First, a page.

Kicking It Old School with the Smith and Wesson 586

586.1I didn’t say this in my last article, but I am a self admitted Glock super fan boy.  I’ve been pretty loyal to my Glocks for several years now.  I love my Glocks: I love their simplicity, their function, their reliability, and I even love how ugly they are.  They are magnificent.  That said, I recently cheated on my Glocks and I’m not ashamed to admit I had a good time doing it.  It made me smile, I laughed, and I had fun with it: I shot a revolver.

I shot my 4” Smith & Wesson 586 .357 Magnum (I shot .38 Special) and it was an eye-opening experience. I got my 586 several years ago while living in Texas in a straight trade deal for another gun I wasn’t shooting, so I took this in as a project gun because how hard can working on a revolver be, right?  Little did I know!  This gun has seen A LOT in its lifetime.  This was no safe queen, until it got to my house.  Life got in the way of this project (deployments, cross country moves, extended duty in other states, long working hours, and family) and it earned the title of Safe Queen while residing at my house.  A few months ago, I decided that would change.  I would get that 19th Century technology out of my safe and exercise it.

586.2Initial impressions upon arriving for my local IDPA match were several quizzical looks at my hip.  One of my friends even whispered to me “You know that’s not a Glock, right?”  I informed my friend I was well aware that I wasn’t shooting one of my beloved Glocks that day and that I was going to have fun shooting this old hog leg.  I knew I was at the bottom of a very steep learning curve.  I was forced to do a thorough stage analysis on each stage because having only six rounds in the gun and eighteen on the belt is much less forgiving than having 31 rounds (not to mention every reload costs precious seconds).  I found that unless your match director is a revolver shooter, most of your stages will not be revolver friendly.

I started the match shooting American Eagle 158 grain lead rounds nose (AE38B).  This was the epitome of a “bunny fart” load.  According to Federal’s webpage (check it out here), the muzzle velocity of this load is 770 FPS.  The carbon steel framed 586 soaked up that recoil and I felt none of it.  There’s something to be said for that 40+ ounce (roughly 2.5 pounds) frame.  Aside from the obvious differences between my Generation 3 Glock G35 and the Smith 586, the weight was the most noticeable.  My G35 tips the scales at a diminutive 27 ounces (1.6 pounds), so having a full extra pound of steel at the end of my arms was noticeable from the first stage to the last.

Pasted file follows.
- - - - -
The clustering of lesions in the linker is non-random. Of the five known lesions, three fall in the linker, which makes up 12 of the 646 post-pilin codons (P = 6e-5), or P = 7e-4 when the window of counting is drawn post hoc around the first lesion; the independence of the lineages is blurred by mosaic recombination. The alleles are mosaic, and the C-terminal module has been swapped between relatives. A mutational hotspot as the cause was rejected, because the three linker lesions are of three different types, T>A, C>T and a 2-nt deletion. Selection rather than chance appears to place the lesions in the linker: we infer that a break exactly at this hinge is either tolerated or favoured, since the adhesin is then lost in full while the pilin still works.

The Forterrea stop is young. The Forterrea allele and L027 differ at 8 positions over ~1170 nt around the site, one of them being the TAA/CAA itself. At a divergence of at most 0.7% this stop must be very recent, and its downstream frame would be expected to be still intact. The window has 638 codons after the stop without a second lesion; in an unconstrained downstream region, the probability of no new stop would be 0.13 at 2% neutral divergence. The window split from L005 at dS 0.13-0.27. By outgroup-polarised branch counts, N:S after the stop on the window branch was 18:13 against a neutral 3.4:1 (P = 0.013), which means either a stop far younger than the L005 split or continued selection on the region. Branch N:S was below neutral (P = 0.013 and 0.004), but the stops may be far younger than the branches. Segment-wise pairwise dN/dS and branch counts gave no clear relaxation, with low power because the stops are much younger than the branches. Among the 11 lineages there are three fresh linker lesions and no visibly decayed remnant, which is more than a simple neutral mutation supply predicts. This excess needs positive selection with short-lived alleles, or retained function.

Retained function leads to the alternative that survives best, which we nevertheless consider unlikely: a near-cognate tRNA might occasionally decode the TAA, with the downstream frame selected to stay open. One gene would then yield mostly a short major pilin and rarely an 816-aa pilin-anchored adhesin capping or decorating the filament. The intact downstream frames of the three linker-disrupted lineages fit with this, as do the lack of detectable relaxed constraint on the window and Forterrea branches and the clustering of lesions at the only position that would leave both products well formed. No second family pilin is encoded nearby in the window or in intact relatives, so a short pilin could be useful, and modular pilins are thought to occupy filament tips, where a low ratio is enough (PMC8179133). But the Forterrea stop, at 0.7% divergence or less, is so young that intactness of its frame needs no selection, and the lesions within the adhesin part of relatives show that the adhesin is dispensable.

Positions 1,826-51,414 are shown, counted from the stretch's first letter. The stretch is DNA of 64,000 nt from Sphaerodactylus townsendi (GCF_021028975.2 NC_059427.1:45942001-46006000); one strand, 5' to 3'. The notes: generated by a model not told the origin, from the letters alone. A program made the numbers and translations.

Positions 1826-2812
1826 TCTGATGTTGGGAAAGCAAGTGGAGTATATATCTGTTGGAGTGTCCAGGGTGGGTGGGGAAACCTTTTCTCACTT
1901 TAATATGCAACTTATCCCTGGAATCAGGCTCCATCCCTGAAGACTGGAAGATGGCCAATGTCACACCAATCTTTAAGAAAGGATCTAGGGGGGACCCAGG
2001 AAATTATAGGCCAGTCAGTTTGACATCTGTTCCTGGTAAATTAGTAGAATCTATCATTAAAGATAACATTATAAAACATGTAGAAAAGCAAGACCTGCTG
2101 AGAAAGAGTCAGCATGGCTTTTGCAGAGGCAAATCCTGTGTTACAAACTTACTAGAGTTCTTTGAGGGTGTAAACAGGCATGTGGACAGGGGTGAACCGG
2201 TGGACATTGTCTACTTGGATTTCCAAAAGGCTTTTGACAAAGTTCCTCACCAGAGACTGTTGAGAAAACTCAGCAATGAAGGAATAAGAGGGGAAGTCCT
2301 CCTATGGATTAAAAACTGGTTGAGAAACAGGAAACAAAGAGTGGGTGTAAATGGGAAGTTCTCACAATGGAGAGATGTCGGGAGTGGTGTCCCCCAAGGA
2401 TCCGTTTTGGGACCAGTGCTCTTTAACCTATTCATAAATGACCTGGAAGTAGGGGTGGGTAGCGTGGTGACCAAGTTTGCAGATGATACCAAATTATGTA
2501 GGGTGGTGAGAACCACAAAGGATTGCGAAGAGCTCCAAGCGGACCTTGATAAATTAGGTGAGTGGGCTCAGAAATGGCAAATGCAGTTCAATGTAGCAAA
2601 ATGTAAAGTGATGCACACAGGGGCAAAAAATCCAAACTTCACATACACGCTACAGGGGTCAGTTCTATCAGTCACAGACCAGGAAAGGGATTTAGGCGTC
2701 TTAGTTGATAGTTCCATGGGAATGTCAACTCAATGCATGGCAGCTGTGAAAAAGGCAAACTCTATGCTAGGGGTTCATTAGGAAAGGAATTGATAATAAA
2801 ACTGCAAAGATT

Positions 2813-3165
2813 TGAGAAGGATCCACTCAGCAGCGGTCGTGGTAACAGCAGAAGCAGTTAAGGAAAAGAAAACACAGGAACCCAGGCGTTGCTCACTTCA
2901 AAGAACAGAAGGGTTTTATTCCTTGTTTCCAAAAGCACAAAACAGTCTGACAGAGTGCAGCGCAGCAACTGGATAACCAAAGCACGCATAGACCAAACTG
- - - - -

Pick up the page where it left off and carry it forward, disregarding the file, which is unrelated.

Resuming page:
I shot the last 2 stages of this match with 158 grain FMJ ammunition from Military Ballistics Industries.  This was remanufactured ammunition using once fired brass.  MBI reports a muzzle velocity on this bullet at 760 FPS.  I was skeptical when I purchased this ammunition this past summer, but after firing a few stages and then some accuracy testing after the match, I’m a believer in MBI.  This was a budget, quality ammunition that I am not afraid to put in my gun.  Lucky Gunner ( and Bulk Ammo ( both carry the MBI line.

I didn’t win my division this day, but I had a great time shooting this wheel gun.  I have enough .38 Special to keep shooting this for a few months and with some encouragement, I won’t be the only revolver at next month’s IDPA match.  Until then, I am going to experiment with how to reload (Miculek style vs. Ayoob “Stressfire” style) and see what works for my HKS speed loaders and me. HP

Nick Sporinsky

Nick Sporinsky is a contributing writer for Handgun Planet and an avid supporter of the Second Amendment.  He is a career Army Officer and has been participating in IDPA competitions between deployments to the Middle East since 2008.  He currently holds a Sharpshooter classification in both Stock Service Pistol as well as Enhanced Service Pistol.  He resides in South Carolina with his wife and 3 children.

Photos: Colt Driver

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